Binary addition subtraction multiplication division pdf

The base-2 numeral system is a positional notation with a radix of 2. Each digit is referred to as a binary addition subtraction multiplication division pdf. Because of its straightforward implementation in digital electronic circuitry using logic gates, the binary system is used by almost all modern computers and computer-based devices.

The modern binary number system was studied in Europe in the 16th and 17th centuries by Thomas Harriot, Juan Caramuel y Lobkowitz, and Gottfried Leibniz. However, systems related to binary numbers have appeared earlier in multiple cultures including ancient Egypt, China, and India.

Leibniz was specifically inspired by the Chinese I Ching. Early forms of this system can be found in documents from the Fifth Dynasty of Egypt, approximately 2400 BC, and its fully developed hieroglyphic form dates to the Nineteenth Dynasty of Egypt, approximately 1200 BC. The method used for ancient Egyptian multiplication is also closely related to binary numbers.

This method can be seen in use, for instance, in the Rhind Mathematical Papyrus, which dates to around 1650 BC. The I Ching dates from the 9th century BC in China. The binary notation in the I Ching is used to interpret its quaternary divination technique. It is based on taoistic duality of yin and yang.

Zhou Dynasty of ancient China. Viewing the least significant bit on top of single hexagrams in Shao Yong’s square and reading along rows either from bottom right to top left with solid lines as 0 and broken lines as 1 or from top left to bottom right with solid lines as 1 and broken lines as 0 hexagrams can be interpreted as sequence from 0 to 63. The binary representations in Pingala’s system increases towards the right, and not to the left like in the binary numbers of the modern, Western positional notation.

The residents of the island of Mangareva in French Polynesia were using a hybrid binary-decimal system before 1450. Slit drums with binary tones are used to encode messages across Africa and Asia. Sets of binary combinations similar to the I Ching have also been used in traditional African divination systems such as Ifá as well as in medieval Western geomancy. The base-2 system utilized in geomancy had long been widely applied in sub-Saharan Africa.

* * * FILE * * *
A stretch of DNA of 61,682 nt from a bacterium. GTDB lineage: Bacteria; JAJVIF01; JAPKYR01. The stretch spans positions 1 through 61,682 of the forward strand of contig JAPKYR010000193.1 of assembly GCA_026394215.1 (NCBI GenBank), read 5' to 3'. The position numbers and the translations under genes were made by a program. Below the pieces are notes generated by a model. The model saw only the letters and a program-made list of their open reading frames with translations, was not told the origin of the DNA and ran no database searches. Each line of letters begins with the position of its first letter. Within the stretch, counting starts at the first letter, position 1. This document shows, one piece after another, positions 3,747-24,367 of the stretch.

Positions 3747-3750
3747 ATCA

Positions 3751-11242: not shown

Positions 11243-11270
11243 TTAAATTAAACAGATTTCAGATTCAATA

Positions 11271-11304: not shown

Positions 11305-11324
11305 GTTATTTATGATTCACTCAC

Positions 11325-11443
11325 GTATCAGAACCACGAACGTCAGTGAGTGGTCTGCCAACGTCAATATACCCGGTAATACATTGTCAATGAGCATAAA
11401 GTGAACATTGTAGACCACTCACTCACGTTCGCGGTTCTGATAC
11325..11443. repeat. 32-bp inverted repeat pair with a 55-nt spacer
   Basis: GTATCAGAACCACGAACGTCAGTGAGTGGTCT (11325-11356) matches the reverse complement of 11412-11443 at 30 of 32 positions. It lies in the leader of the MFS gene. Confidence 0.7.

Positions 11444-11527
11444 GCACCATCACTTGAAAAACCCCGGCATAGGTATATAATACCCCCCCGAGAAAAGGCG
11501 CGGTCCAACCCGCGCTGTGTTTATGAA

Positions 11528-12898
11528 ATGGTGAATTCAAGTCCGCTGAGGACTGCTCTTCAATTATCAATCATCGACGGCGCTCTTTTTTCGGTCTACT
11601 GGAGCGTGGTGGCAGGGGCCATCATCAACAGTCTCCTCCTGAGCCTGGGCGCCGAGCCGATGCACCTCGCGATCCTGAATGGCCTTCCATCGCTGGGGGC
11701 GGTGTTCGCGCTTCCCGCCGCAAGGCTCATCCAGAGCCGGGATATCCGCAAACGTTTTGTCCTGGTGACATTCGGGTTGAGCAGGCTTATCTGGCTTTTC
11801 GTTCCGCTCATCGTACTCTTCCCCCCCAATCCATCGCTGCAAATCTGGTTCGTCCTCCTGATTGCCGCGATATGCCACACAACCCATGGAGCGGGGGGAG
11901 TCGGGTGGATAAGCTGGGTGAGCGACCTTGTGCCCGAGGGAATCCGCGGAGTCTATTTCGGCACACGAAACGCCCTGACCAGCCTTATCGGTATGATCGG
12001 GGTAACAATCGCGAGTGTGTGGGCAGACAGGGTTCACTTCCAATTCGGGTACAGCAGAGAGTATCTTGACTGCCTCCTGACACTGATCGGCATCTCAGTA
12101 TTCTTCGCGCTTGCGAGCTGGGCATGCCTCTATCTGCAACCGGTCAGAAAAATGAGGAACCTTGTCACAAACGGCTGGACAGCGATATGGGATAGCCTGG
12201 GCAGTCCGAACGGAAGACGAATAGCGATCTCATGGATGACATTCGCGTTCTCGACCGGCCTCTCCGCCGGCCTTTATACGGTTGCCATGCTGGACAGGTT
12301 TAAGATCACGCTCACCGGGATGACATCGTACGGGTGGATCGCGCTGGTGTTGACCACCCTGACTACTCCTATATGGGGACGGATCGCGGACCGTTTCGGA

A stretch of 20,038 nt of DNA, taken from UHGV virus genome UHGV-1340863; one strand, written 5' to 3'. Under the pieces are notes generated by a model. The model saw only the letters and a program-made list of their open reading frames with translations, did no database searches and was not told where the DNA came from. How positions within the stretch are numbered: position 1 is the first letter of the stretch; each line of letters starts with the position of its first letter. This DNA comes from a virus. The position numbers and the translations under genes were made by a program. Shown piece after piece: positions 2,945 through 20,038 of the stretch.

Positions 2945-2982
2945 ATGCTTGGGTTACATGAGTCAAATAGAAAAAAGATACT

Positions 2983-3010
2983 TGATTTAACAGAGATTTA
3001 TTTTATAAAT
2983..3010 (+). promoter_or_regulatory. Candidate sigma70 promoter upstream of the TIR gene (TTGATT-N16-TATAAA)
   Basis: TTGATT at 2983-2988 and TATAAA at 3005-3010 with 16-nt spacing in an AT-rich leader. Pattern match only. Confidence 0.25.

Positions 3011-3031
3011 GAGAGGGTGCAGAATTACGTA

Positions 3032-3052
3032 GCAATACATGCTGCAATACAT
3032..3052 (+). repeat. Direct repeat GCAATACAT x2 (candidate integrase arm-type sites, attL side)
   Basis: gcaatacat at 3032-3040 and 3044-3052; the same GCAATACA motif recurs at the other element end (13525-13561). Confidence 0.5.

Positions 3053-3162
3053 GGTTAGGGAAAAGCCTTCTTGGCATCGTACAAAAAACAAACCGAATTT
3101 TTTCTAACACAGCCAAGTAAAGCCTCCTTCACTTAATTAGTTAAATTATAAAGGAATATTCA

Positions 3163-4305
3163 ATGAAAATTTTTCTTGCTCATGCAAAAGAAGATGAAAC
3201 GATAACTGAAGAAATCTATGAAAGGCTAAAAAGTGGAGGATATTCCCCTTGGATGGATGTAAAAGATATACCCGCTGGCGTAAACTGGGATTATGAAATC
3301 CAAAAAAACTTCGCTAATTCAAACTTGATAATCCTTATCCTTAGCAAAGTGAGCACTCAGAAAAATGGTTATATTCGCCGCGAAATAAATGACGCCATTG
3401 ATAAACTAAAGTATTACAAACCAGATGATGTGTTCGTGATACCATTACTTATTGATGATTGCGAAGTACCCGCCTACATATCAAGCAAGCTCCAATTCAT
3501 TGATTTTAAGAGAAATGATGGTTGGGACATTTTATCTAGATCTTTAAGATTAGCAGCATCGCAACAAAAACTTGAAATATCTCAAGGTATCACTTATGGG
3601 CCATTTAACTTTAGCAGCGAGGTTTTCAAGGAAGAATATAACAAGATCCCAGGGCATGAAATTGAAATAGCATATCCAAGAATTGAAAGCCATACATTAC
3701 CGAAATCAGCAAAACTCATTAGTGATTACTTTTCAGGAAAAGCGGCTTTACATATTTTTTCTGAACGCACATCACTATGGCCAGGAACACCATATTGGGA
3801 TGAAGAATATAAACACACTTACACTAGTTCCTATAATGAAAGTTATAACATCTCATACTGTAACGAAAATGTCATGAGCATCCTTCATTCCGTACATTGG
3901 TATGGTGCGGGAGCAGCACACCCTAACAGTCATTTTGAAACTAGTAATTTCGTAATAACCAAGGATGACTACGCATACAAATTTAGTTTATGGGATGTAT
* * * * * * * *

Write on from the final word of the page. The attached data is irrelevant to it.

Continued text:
In 1605 Francis Bacon discussed a system whereby letters of the alphabet could be reduced to sequences of binary digits, which could then be encoded as scarcely visible variations in the font in any random text. Bells, by Trumpets, by Lights and Torches, by the report of Muskets, and any instruments of like nature”. John Napier in 1617 described a system he called location arithmetic for doing binary calculations using a non-positional representation by letters.

Possibly the first publication of the system in Europe was by Juan Caramuel y Lobkowitz, in 1700. The full title of Leibniz’s article is translated into English as the “Explanation of Binary Arithmetic, which uses only the characters 1 and 0, with some remarks on its usefulness, and on the light it throws on the ancient Chinese figures of Fu Xi”.

Leibniz’s system uses 0 and 1, like the modern binary numeral system. Leibniz interpreted the hexagrams of the I Ching as evidence of binary calculus. As a Sinophile, Leibniz was aware of the I Ching, noted with fascination how its hexagrams correspond to the binary numbers from 0 to 111111, and concluded that this mapping was evidence of major Chinese accomplishments in the sort of philosophical mathematics he admired. Leibniz was first introduced to the I Ching through his contact with the French Jesuit Joachim Bouvet, who visited China in 1685 as a missionary.

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